While reading technical reports or brokerage review reports, you may have come across the term "PE ratio" and wondered what it means.
It is part of the "fundamental analysis" of a stock.
If you looking to invest in a business, by invest we mean long-term (3 to 5 years at least) commitment of funds to a company, you will have to ignore the noise around temporary changes in stock prices and rather focus on the performance of the company, including how its management is working on creating wealth for its investors in the future.
A fundamentally sound company will create value for its investors over time and the shares of its company will appreciate in value.
One of the aspects of financial analysis is financial ratios. Financial ratios help in interpreting the financial results of the company and compare its performance with the previous years and also with other companies in the same industry.
Within these ratios is a category called "valuation ratios" which are used to compare the "worth" of a company's stock.
A determining on how much profit you make on a stock investment, the buying price is as important as the selling price.
With the help of valuation ratios, you can get an idea of whether or not a business has been overpriced. Valuations dictate the price you pay to acquire shares of a business.
Price to Earnings (PE) ratio, is one of the most popular financial ratios. It is commonly used to determine if a stock is overpriced.
PE ratio = Current price of the stock/ EPS
EPS here means Earnings Per Share, which in simple words means net profit per share. It divides net earnings with average outstanding shares and is used to measure the profitability of a company on a per-share basis.
For obvious reasons, the higher the EPS, the better it is for shareholders.
Now, if you were to divide the current market price with the EPS (which gives you the PE ratio), you will be able to measure the willingness of the market to pay for every rupee of profit that the company generates. For example, if the PE ratio is 10, the market is ready to pay 10 times the profit the company makes.
In the case of PE ratio, the lower the PE ratio, the cheaper the stock is for the buyer.
You can use both EPS and PE ratio to compare two stocks within the same industry to make a more informed choice in your purchase.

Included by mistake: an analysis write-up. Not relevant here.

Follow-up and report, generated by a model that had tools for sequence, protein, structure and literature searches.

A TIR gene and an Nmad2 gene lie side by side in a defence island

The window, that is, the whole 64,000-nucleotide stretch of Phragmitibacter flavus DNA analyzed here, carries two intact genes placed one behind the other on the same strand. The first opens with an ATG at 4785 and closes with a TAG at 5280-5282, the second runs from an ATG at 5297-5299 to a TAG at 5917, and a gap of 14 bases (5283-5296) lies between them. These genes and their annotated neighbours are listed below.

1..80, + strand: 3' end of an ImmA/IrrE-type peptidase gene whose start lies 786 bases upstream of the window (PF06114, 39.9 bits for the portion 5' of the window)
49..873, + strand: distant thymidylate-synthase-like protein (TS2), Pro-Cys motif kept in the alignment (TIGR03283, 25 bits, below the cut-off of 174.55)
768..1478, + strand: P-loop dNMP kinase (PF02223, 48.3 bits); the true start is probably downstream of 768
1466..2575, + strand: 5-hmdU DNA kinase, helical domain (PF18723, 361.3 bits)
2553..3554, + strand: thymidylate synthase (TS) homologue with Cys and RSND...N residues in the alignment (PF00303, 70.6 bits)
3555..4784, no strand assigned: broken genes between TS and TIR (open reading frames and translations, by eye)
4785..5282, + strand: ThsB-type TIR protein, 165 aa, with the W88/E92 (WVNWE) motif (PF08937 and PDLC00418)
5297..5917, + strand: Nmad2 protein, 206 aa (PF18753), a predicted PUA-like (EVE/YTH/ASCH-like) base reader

2 types of EPS
Analysts use two types of EPS: Forward EPS and trailing 12 months EPS.
The first is used to construct a proforma or future projection for analysis while the second is based on historical actual data and it is used for comparative analysis.
How to use PE ratio for analysis?
In general, the PE ratio is used by analysts and investors to compare the performance of a stock with its peers. It a measure to determine the amount an investor has to invest to receive a unit of the company's earnings.
Each industry has a benchmark PE that you can use to judge if the stock is undervalued, overvalued or fairly valued.
Things to remember
- It is not advisable to buy stocks with high PE ratios, which means that the stock is overvalued since if and when the stock falls, it could destroy your wealth to the point of no recovery.
- If the PE ratio is too high, it is either because the stock price is too high or the earnings made by the company is too low. Together, a high share price and low profit can cause a double whammy effect of very high PE ratio.
- There are times when if the shares of a company are fairly priced (or stable) and there is a sudden fall in a company's earnings due to unusual circumstances (like lockdown), the PE ratio could go up. It could mean that the market has not yet adjusted to the price linked to the performance of the stock and the stock could eventually fall, causing you to lose money.
- The stock price of a company (the numerator) often climbs when the expectations of earnings from the business increases. However, earnings (denominator) can be manipulated. One way the company can manipulate earnings is by changing its accounting policies too often. Even lesser depreciation accounted for on assets can boost earnings. If the company's earnings are increasing without an increase in its cash flows and sales, the earnings are being manipulated.
About the author
Olga Robert is an M.Com graduate covering equity markets and personal finance for nearly three years. Her interests include tax planning, equities, DIY personal finance management and government schemes.